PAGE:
Israeli air force reservists skip training as protests against Benjamin Netanyahu's reforms step up
Dozens of Israeli air force reservists will refuse to turn up to training drills in protest over controversial plans by Prime Minister Benjamin Netanyahu to overhaul the country's legal system.
Demonstrations have taken place nationwide for nine weeks running because of the proposals, which critics have warned would limit the power of judges and weaken the Supreme Court.
Mr Netanyahu, who is on trial for corruption, fraud, and breach of trust charges, was sworn in for his sixth stint as Israel's PM in January - this time as head of an ultranationalist far-right coalition.
Public opposition to the plans have grown since then, but the move by 37 pilots and navigators from the air force's F-15 squadron is a symbolically significant step.
Israel prides itself on its military power, and its forces are meant to be apolitical.
But in a letter circulated in local media, those involved in the strike said they would skip training on Wednesday and "devote our time to dialogue and reflection for the sake of democracy and national unity".
They said they would suspend the protest if required to carry out actual operations. Reservists are usually only relied upon during wartime, but train regularly to ensure they are prepared.
Minister says protests being 'played up'
An ally of the prime minister sought to downplay the significance of the reservists' intervention.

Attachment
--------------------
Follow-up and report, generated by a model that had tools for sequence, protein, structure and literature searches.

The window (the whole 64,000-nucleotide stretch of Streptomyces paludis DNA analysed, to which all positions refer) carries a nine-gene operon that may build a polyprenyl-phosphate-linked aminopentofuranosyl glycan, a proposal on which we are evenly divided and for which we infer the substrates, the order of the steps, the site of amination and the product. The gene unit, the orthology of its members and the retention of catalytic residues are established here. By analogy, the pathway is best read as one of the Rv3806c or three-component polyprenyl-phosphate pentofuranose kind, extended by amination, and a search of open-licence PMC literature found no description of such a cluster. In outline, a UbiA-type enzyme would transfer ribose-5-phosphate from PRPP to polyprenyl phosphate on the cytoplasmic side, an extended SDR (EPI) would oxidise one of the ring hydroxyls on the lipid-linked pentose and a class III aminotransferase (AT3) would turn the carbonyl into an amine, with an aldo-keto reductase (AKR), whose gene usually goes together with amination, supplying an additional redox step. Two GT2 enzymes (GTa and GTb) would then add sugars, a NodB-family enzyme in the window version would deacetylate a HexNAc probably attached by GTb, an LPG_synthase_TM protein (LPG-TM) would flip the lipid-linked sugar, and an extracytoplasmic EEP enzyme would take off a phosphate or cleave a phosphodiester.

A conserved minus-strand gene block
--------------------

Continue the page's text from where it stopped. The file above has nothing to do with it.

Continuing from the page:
Finance minister Bezalel Smotrich told Channel 12 TV that the media was "playing up" their statement, insisting that "hundreds of thousands" continue to enlist for the military.
Mr Netanyahu himself also appeared to address the issue on social media, tweeting a photo of himself at conscription age with a caption reading: "When called up for reserve duty, we always turn up."
The PM is a former officer in his country's most prestigious commando unit.
One top commander in the Israel Defence Forces (IDF) has insisted he will not allow ongoing controversy over the government's agenda to impact the military's capabilities.
Lieutenant General Herzi Halevy is "aware of the public discourse and division", said a spokesperson, but will not let it impact the IDF's "ability to carry out its most important mission - defend Israel's security".
Officers have been ordered to speak with subordinates about the issue, they added.